What I liked was the lack of “tagging mobs”, at least when it came to boss monters. I didn’t pay attention to regular mobs. For instance, there was a quest that had you follow ravens. They appeared and when you got close, they flew away and you had to follow again. I did it with another player and while we weren’t in a group, we always both got credit for each stage, including the boss at the end. The same happened with another boss at the end of a quest chain where I came to the fight after another player had started. I joined and finished the quest as well in the end. This is something really important for me because it just helps players playing together instead of against each other. I’m surprised how many MMOs haven’t gotten that until today.

The quests were refreshingly different. There were “kill ten rats” quests – who were, in this case, zombies, of course – but there were also riddle quests where you actually had to think. In one case, I found something on the floor… well, to be honest, it belonged to a dead woman. I forgot what it actually was. In the end, it led me to having a device (was it a mobile phone? I really should take notes!) where I had to enter a PIN. I was given a clue and then went to search for it. Again, I’m being deliberately vague here… ooooh, I should have said that earlier! Would have saved me the embarrassment of admitting that I have no idea what device it was… ;) Anyway, I was about to give up, because I’m being impatient, when I saw that the answer had been right in front of me the whole time and I just hadn’t noticed it. Also, it didn’t take me long to see Illuminati-signs everywhere.

I do want to find out what’s happening in Kingsmouth and I want to find out what lays beyond the fog. On the other hand, I grew tired of zombies pretty quickly. I’m not such a big fan of them and the whole horror genre. I enjoy it once in a while, but in small doses, please.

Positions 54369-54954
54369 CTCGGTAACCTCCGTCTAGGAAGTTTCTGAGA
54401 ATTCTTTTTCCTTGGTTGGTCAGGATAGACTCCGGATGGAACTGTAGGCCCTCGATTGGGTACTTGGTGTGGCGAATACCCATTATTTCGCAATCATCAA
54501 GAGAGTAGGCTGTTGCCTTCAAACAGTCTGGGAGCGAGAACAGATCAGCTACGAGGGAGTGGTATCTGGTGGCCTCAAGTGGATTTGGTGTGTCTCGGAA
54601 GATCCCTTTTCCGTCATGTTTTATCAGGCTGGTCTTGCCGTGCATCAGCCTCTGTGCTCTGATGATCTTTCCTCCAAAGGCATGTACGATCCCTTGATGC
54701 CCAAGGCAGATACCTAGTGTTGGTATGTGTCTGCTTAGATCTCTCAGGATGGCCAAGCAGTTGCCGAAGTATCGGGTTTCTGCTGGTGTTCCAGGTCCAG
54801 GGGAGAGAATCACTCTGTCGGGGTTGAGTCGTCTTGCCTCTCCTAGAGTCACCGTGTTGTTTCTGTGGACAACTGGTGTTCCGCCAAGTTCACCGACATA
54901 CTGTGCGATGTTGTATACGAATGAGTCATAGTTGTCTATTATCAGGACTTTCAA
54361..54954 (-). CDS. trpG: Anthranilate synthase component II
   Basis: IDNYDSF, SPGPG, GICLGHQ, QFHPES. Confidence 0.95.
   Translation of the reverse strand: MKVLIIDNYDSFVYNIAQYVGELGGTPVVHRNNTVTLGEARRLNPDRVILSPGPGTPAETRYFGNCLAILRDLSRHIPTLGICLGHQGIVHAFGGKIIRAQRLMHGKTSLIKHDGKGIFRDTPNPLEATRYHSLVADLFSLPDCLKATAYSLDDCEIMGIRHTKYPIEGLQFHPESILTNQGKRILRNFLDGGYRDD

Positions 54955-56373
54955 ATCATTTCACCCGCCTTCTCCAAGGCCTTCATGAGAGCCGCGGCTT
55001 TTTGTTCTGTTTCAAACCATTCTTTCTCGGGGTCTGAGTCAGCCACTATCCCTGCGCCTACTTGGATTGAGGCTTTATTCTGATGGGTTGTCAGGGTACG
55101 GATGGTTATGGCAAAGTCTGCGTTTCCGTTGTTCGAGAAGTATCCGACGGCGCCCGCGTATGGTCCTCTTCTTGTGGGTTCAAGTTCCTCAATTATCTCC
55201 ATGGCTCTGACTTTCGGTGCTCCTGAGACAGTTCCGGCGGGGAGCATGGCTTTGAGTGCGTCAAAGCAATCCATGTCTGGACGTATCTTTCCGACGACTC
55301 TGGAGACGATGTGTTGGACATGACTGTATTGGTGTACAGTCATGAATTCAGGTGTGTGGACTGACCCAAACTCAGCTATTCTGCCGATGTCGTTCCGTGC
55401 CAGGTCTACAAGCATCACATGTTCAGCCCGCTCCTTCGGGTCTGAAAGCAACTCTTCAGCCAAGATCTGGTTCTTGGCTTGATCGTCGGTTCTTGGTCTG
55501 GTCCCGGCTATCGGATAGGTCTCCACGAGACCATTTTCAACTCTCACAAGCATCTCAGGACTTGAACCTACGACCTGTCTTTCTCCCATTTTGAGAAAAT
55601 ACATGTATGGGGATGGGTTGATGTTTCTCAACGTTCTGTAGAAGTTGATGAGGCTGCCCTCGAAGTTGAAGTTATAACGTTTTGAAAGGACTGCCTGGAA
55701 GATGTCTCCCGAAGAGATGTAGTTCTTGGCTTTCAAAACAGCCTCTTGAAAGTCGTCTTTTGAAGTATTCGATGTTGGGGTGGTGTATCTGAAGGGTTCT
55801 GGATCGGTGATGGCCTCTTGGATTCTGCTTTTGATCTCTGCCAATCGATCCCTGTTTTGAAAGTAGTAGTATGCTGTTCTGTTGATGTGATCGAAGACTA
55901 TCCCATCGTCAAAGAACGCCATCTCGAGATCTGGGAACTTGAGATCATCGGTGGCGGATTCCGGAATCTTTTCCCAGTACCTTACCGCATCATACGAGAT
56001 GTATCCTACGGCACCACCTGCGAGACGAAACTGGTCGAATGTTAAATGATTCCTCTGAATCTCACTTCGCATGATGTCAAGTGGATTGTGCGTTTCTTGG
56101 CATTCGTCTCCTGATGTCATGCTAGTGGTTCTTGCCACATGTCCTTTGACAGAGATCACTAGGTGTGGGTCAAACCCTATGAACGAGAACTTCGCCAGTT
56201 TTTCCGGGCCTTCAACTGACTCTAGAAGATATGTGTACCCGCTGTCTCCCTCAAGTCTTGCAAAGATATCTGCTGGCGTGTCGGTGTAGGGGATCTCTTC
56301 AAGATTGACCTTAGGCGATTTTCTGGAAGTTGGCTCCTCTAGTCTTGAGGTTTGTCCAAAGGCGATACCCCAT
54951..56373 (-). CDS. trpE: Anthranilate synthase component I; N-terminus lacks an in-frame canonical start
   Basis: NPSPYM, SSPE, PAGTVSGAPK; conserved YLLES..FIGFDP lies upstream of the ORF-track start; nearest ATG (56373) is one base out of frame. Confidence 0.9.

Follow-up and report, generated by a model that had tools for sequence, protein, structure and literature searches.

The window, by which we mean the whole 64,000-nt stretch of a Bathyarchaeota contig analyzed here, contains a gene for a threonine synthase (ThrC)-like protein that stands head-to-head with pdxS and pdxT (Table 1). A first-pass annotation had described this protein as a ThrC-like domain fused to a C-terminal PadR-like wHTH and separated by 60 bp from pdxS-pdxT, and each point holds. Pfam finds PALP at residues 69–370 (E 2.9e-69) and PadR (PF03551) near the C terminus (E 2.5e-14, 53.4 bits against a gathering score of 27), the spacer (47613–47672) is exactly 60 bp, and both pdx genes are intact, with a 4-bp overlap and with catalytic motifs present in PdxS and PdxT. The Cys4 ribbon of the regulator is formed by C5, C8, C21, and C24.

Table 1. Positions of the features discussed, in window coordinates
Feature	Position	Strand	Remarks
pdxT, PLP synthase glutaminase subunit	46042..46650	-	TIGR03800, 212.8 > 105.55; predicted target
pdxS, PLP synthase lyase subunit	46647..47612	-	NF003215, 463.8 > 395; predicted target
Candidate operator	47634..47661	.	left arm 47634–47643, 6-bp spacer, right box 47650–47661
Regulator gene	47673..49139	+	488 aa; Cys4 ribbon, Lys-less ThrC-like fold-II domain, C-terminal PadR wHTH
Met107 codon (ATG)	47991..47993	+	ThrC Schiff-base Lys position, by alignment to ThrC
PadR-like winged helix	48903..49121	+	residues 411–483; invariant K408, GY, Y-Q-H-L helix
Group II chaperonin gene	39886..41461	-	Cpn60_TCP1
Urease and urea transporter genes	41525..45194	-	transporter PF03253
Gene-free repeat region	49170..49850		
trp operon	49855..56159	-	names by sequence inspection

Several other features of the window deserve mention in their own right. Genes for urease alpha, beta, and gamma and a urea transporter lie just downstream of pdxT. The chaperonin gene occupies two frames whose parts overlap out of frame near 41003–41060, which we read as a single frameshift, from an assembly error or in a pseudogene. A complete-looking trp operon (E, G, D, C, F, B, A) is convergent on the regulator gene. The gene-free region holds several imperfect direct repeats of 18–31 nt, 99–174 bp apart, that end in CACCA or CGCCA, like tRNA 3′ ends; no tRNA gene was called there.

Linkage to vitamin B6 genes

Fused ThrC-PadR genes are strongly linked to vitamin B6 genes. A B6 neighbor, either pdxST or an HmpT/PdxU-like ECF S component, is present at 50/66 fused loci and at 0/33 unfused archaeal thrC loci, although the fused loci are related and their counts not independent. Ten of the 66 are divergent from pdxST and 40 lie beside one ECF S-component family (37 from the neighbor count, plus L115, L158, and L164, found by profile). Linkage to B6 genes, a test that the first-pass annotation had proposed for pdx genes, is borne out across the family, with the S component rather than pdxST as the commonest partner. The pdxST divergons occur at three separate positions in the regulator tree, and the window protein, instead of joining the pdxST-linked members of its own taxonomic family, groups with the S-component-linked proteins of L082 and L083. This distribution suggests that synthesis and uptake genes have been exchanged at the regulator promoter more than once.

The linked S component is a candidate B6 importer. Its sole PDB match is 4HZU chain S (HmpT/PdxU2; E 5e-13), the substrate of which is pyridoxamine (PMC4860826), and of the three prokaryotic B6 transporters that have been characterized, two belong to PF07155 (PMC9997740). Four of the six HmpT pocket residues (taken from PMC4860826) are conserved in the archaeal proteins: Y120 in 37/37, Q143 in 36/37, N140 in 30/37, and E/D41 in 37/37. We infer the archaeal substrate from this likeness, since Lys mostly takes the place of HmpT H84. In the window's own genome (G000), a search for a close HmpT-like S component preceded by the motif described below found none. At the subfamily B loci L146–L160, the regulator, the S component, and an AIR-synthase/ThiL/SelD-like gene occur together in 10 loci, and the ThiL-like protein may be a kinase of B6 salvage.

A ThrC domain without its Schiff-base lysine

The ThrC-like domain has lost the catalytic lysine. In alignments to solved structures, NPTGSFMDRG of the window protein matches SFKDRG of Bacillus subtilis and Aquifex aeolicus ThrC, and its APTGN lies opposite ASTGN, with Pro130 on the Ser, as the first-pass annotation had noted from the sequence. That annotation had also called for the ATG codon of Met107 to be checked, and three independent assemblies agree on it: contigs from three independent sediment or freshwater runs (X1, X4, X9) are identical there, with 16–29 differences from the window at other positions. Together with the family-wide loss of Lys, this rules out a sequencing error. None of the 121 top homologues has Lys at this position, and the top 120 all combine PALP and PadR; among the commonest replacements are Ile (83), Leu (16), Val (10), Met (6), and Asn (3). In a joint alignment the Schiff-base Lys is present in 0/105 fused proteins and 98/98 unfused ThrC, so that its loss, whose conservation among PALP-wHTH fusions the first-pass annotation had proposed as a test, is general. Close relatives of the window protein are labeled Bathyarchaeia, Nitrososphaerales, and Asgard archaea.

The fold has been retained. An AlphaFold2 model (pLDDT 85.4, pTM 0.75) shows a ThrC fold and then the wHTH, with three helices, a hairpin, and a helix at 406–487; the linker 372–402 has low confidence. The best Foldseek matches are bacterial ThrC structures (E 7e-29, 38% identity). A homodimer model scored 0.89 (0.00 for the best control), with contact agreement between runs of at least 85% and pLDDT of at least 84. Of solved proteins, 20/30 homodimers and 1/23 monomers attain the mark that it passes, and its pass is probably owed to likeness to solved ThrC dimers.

Another thing is that this game could have been a single player game and I doubt I would have noticed a difference. Now I actually really enjoy playing on my own while being able to communicate with others or just randomly bump into them. So it’s not really that much of a deal for me, but it might be for you. On the other hand, I guess we’re not at the point anymore where “MMO” means you are required to group all of the time in order to get anywhere.

TL;DR (or “conclusion” if you prefer that):

I’m not saying it’s a good game. I’m not saying it’s a bad game. But for me, right now, it’s not the game I want to play. Sounds, ambience, voice overs and riddle-quests are things that I really enjoyed. The monthly sub and cash shop on top of it, the lack of animations and the rather dull combat were boring to me. Additionally, while I liked the change of scenery, I’m just not a big enough fan of zombies to justify the monthly sub.

3 responses to “First Impressions: The Secret World

  1. I also share your positive opinion of the atmosphere and generally good writing in TSW… it’s just a shame that there are technical issues creating obstacles between the player and that story telling – some of which could possibly be corrected following launch, but many of which are design level decisions and thus, not “fixable.”

    It’s truly a shame to me that they created a “class-free” and “level-free” character system, and yet, somehow still managed to include all of the usual flaws associated with a game that has a “trinity-based” class system.

    I really wanted TSW to be a viable option for a “different flavored” MMO for me personally, but it will frustrate me more than it entertains me so I won’t be buying.

    • Oh right, I forgot the trinity-based system… although in this case, I didn’t mind it that much because it meant I just had to look for the skills that give me more durability to find a fighting style I like. It’s just “easy” because it’s been done so often. ;) Doesn’t mean it’s good, though. Just that it feels more comfortable in an otherwise unknown system.

      Anyway, all in all, I have now found out that I don’t care much about zombies. I still really liked the story. It’s a bit like SWTOR where I also wanted to know how the story evolves. Only that in that game, my curiosity was restricted to the personal story only, whereas TSW has so many quests that are interesting… the setting definitely helps! But the soundtrack was the absolute best of it. :) I’m considering buying that one. Hehe. At least, the main theme!

  2. Pingback: Bookahneer’s Geekwatch (12.12.12) | Nerdy Bookahs